April and May of 2011 were kind months to the then Florida Marlins. The Marlins were 31-22, two games out of first place in the National League East and two games up in the wild card. Then came the epic collapse that was June. Last June, the Fish went just 5-23 and fell from wild card leader to cellar dweller at 36-45. The June would ultimately lead to the firing of manager Edwin Rodriguez, the Major League’s first Puerto Rican born manager. It was also a month that the Marlins would never recover from as they finished just 72-90.
Unfortunately for the Marlins, it seems to be happening again. Miami looked to have survived a terrible April. The Fish finished the month of April with just an 8-14 record, but Miami was able to put together the best May in baseball. After taking two of three from the Philadelphia Phillies to begin the month of June, the Fish drew even with the Washington Nationals for first place in the N.L. East. Since then however, the Marlins have won just one of their last 10 games which has fans and players alike, remembering the monstrosity that was June of 2011.
The problems that the Marlins are having this June are a lot like the ones they had last June. The offense is anemic and the pitching staff can’t seem to avoid the big inning. During the 10-game stretch, the Fish have been held to two runs of fewer eight times. Four times during this stretch, the Marlins have given up 10 runs or more. To make matters worse, Miami is coming off of a 1-8 home-stand. But hitting the road didn’t seem to help Miami much either. In their first road game since downing the Phillies to take the series in Philadelphia, the Fish were blanked 11-0 by the in-state rival Tampa Bay Rays. Not only did the Marlins get absolutely pounded, they managed just one hit in the loss.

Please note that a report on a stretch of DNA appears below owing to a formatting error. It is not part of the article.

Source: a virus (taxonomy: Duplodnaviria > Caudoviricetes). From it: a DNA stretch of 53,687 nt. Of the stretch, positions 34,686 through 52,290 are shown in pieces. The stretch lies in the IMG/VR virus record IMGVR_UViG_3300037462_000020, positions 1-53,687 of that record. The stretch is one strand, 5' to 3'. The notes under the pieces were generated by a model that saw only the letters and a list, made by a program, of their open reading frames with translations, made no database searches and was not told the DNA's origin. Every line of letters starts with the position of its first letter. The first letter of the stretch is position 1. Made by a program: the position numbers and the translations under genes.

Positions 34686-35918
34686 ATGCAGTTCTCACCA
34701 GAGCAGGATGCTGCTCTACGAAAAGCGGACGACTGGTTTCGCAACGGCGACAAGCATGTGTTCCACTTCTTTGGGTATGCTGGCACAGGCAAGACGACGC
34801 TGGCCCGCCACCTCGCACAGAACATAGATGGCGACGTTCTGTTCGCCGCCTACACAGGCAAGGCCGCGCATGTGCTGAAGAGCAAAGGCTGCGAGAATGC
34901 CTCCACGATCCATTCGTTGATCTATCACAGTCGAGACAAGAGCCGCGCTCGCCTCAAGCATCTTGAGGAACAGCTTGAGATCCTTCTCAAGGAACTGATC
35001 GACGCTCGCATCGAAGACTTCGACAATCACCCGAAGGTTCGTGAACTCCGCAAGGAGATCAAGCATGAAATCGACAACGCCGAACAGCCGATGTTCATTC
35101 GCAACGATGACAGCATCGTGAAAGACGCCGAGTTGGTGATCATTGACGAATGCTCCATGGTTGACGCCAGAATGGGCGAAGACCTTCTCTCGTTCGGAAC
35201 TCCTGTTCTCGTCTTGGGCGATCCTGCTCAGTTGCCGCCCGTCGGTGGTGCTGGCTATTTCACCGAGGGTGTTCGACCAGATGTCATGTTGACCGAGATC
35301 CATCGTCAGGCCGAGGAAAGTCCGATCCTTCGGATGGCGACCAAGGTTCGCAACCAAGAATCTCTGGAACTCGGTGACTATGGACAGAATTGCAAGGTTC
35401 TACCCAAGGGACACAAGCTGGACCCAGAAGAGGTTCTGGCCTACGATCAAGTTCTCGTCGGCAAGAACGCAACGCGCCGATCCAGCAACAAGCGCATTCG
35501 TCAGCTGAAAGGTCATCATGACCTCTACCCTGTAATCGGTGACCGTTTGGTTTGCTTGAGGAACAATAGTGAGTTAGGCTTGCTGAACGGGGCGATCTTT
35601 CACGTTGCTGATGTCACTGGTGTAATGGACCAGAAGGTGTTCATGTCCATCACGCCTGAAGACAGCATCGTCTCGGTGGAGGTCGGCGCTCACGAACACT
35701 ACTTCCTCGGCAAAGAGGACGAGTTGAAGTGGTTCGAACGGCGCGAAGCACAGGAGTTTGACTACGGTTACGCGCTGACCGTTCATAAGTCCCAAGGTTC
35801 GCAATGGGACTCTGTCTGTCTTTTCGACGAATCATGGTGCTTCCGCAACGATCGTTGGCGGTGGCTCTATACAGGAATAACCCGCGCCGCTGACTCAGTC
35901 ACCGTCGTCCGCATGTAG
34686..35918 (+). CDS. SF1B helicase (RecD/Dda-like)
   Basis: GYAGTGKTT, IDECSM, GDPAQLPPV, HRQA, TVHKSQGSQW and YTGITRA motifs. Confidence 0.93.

Record wise, Miami is 3-10 in June and is on pace to do better than the team did a year ago, but the verdict is out as to which June has been more painful. Last June, the Fish suffered a number of heartbreaking losses. Last June, the Marlins lost 13 games by one run and four in extra innings. This month, the Marlins are just getting pounded. To illustrate how bad it has been, the Marlins have been outscored 67-17 over the last 10 games and not one of their last nine losses have come from a reliever. There has been no drama, no dramatic heartbreaking losses, only good old fashioned butt-kickings. Another illustration of how bad it has been is that the Marlins have a better record than six teams in the National League, but their run differential is better than only the Chicago Cubs’ and San Diego’s. Over the last 10 games, the Marlins have also managed to fall from first place to seven games back of the Nationals.
While it’s been a team effort during this dismal stretch, many individuals have struggled as well. Giancarlo Stanton, the Marlins’ RBI leader who was once among the league leaders in RBIs, has not driven in a run in more than a week. Carlos Zambrano, who was in the midst of an incredible turnaround season, looked to have a shot to sneak into the All-Star Game. In his last two starts, Zambrano has failed to go more than 2 1/3 innings. First baseman Gaby Sanchez and outfielder Chris Coghlan once appeared to be two of the brightest spots concerning the Marlins’ future. This season, both have at times been demoted to the minor leagues and both are hitting below .200 on the season.
If there is good news for the Fish, it is that despite this horrendous 10-game stretch, Miami is still just three games back of that final wild card spot. Josh Johnson, who has been the Marlins’ ace over the past few years, has also shown signs of returning to form. As in any baseball season, there will be stretches of tremendous highs and stretches like, well this one. But if the Marlins are to avoid falling into obscurity as they did a year ago, this slide will need to be stopped rather quickly.
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